Beatriz At Dinner Review
Beatriz at Dinner (2017) Film Review, a movie directed by Miguel Arteta, and starring Salma Hayek, Chloe Sevigny, Connie Britton, John Lithgow, Amy Landecker, Jay Duplass, John Early, David Warshofsky, Sean O’Bryan, Enrique Castillo, Natalia Abelleyra, Soledad St. Hilaire, and Amelia Borella.
It’s impolite to bring up politics at the dinner table, but in Miguel Arteta’s Beatriz at Dinner it’s the main course. Heralded by some as a biting allegory for the Trump era, the moody dinnertime satire could just as easily be a darkling counterpart to the old Peter Sellers film The Party. Featuring Salma Hayek as the titular Beatriz, the film catapults the hapless immigrant and massage therapist into the world of the rich but conspicuously not famous when her car breaks down and her wealthy friend asks her to stay for dinner with her equally wealthy colleagues.
Hayek is most certainly playing against type, but that’s hardly an indictment of her acting or the film as a whole. Gently unassuming, Beatriz is as spiritually attuned as she is environmentally conscious and imparts an earthy sensibility and approach to everyone and everything she encounters. Indeed, this might be the first time I’ve ever seen Hayek play a regular, everyday woman (and yes, her role as the token hot mom in the Grown Ups films is by definition excluded from this label), with her wearing the same modest outfit for the duration of the film.
It says a lot about Hayek herself that she can spend an entire movie in a funky button-up, cheap tennies, and cargo pants yet still be most the alluring person on-screen, but it doesn’t say much about her performance, which is the base on which the rest of the production lives. Portraying Beatriz as naïve enough to be intimidated and confused by her new surroundings but strong enough to try and navigate them, Hayek strikes the right chord of likeability and makes it possible for the audience to empathize, if not always sympathize, with this seraphic stranger in a strange, new land.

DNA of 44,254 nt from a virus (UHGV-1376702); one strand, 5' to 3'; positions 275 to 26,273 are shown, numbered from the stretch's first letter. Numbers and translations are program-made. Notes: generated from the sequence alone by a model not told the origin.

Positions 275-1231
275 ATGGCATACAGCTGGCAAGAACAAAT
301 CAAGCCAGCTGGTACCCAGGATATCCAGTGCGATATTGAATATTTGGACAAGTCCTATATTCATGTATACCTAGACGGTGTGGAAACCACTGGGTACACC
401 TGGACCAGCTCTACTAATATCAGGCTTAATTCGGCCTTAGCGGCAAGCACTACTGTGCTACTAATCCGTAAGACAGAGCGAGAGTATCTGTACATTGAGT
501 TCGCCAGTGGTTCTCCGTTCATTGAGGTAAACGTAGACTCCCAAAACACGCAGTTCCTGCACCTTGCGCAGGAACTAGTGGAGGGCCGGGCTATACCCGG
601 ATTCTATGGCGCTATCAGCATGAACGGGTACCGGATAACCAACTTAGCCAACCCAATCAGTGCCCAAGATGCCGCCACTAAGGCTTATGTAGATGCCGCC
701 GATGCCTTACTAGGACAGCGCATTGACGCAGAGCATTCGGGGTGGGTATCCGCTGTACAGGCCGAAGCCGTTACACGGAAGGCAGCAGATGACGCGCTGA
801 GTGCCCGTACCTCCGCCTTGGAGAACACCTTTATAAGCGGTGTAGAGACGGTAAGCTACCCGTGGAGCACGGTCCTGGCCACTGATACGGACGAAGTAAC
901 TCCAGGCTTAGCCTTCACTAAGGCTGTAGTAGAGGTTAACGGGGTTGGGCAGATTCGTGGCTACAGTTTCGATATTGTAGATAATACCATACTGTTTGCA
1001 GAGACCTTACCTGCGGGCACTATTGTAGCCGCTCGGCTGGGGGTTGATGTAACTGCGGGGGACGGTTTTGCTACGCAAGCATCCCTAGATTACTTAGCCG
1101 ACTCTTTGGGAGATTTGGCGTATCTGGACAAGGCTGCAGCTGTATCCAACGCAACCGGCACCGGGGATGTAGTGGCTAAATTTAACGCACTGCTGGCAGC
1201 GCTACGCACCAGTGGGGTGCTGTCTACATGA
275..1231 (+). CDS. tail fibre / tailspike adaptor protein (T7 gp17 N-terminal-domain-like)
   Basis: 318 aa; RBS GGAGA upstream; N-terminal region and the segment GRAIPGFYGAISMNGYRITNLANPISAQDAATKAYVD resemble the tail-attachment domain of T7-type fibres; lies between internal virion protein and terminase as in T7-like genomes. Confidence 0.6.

Her co-star and the primary antagonist of the film, on the other hand, is very much in keeping with the kind of character that the actor portraying them is known for. Doug Strutt is the latest in a long line of powerful old white men to be played by John Lithgow and while other such figures like Footloose’s puritanical preacher Shaw Moore are granted the dignity of development and a proper story arc, Strutt is little more than a caricature of everything progressives with all the right opinions hate about modern conservatism. Lithgow unsurprisingly does a good job with the role, but he’s really only there to give Beatriz something to strive against, and thank goodness too, because without him the movie would have ended much quicker to say nothing of being way less stimulating.
The supporting actors are strictly that and are effectively limited to being an amen corner for Lithgow’s smug business tycoon. The only arguable exception is Jeana (Amy Landecker), the glaringly young paramour of Strutt who jumps on seemingly every other statement he makes but never actually challenges the materialistic ideology he espouses and represents. They are polite enough to initiate conversation with Beatriz yet too self-absorbed to engage with her socially conscious table talk, which allows the film to write them off as spiritually atrophied decadents who are oblivious to Beatriz’s humble but manifest wisdom.